Hasan, who defended himself, made the government’s prosecution of him so easy his own standby attorneys accused of him of cooperating to get himself executed.

Over the course of the three week trial, the government called 89 witnesses, none of whom the major cross-examined. He called none of his own witnesses and immediately rested his case when he had the chance to defend himself.

“It wasn’t done under the heat of sudden passion,” Hasan said before jurors began deliberating. “There was adequate provocation — that these were deploying soldiers that were going to engage in an illegal war.”

Hasan admitted to entering a medical building at the base on Nov. 5, 2009, and opening fire on soldiers preparing for deployment to Iraq and Afghanistan. He yelled “Allahu akbar,” Arabic for “God is great” before training a pistol with a laser sight on his victims, 12 of whom were soldiers.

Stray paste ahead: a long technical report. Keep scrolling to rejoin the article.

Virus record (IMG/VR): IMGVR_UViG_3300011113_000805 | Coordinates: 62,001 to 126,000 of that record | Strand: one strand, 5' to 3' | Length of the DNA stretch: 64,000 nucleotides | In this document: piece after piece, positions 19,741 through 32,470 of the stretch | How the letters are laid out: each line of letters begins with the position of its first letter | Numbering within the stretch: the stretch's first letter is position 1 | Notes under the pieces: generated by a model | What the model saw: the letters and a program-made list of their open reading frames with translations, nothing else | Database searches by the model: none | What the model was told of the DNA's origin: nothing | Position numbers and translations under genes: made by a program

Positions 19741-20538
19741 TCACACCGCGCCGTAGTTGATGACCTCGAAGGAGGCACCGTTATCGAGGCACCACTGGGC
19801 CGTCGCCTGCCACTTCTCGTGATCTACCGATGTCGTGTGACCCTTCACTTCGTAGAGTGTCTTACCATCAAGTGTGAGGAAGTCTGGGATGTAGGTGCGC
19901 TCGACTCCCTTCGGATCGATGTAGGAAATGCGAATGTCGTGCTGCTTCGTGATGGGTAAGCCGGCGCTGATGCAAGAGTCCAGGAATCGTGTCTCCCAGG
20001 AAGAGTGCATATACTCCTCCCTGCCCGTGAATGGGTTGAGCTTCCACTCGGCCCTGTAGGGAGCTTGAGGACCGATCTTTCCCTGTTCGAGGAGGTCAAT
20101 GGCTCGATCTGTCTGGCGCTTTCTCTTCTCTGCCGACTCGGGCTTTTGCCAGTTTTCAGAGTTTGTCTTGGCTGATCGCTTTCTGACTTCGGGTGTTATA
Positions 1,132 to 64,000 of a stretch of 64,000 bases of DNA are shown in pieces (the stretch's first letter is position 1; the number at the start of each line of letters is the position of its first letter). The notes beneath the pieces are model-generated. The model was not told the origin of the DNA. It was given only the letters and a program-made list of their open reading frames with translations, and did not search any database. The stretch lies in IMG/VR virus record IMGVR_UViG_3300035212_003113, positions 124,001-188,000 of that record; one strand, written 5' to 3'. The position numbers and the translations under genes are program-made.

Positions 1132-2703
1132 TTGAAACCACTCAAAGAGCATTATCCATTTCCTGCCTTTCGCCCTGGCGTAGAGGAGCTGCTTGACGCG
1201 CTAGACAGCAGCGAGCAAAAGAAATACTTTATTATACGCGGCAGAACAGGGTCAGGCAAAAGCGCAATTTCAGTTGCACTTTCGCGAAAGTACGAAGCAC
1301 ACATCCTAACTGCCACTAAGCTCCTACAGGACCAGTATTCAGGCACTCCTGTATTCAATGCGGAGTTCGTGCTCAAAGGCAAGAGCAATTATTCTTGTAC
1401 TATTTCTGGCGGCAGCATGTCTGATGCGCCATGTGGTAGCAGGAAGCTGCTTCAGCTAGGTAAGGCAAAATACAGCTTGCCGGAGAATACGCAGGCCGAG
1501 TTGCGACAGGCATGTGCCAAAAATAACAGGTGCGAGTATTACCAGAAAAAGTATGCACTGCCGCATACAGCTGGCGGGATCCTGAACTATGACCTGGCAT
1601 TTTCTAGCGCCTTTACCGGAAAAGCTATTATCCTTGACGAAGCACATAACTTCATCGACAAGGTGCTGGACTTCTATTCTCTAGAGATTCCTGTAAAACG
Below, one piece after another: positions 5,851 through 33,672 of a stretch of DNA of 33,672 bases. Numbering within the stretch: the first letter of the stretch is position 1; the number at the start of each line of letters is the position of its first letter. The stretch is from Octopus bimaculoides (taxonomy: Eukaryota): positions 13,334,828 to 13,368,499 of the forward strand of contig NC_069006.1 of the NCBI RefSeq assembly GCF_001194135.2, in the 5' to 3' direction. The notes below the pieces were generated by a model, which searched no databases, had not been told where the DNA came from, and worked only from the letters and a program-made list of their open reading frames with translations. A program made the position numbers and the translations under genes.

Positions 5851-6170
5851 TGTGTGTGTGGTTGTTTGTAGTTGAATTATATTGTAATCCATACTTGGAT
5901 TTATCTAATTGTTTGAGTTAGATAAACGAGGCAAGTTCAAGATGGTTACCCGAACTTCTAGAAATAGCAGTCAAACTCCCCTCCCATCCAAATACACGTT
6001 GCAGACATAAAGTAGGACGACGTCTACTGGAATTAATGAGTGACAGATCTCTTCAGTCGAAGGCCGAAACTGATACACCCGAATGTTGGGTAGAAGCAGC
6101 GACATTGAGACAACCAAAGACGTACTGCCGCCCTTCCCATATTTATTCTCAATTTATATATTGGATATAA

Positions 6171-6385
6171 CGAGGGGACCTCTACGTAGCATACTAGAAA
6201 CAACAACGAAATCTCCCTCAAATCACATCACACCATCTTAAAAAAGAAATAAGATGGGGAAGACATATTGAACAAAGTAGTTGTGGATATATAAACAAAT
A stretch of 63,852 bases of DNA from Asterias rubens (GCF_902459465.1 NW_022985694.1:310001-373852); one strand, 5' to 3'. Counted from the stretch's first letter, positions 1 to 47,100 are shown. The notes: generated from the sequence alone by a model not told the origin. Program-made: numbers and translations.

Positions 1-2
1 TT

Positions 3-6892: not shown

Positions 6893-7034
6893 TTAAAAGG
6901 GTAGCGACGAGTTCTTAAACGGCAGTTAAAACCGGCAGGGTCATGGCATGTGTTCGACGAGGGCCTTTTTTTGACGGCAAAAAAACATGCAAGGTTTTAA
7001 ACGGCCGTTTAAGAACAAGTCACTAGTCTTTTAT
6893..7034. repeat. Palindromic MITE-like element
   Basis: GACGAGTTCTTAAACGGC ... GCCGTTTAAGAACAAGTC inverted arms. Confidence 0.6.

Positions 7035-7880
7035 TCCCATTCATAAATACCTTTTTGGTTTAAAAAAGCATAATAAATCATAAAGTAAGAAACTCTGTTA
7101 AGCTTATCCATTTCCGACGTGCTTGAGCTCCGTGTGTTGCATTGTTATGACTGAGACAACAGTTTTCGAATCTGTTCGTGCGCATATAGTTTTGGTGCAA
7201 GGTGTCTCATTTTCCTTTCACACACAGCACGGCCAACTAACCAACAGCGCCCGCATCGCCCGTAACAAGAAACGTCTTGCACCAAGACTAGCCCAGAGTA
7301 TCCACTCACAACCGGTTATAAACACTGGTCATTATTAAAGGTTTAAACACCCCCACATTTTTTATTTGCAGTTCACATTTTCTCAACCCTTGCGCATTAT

Hasan was shot in the back when police officers responded. As a result, he is paralyzed and wheelchair bound. source – Yahoo News

by NTEB News Desk

Hasan Convicted in Fort Hood Rampage.


Image: Hasan Convicted in Fort Hood RampageThe soldiers memorial reads the date November 5, 2009 at a remembrance service recognizing the 13 victims killed in the Ft. Hood attacks on the one year anniversary in Killeen, Texas.

A military jury on Friday convicted Maj. Nidal Hasan in the deadly 2009 shooting rampage at Fort Hood, returning a unanimous verdict that makes the Army psychiatrist eligible for the death penalty in the shocking assault against American troops at home by one of their own.

There was never any doubt that Hasan was the gunman. He acknowledged to the jury that he was the one who pulled the trigger on fellow soldiers as they prepared to deploy overseas to Iraq and Afghanistan. And he barely defended himself during a three-week trial.

The unanimous decision on all 13 counts of premeditated murder made Hasan eligible for execution in the sentencing phase that begins Monday.

Hasan, who said he acted to protect Muslim insurgents abroad from American aggression, did not react to the verdict, looking straight at jurors as they announced their findings. After the hearing, relatives of the dead and wounded fought back tears. Some smiled and warmly patted each other’s shoulders as they left court.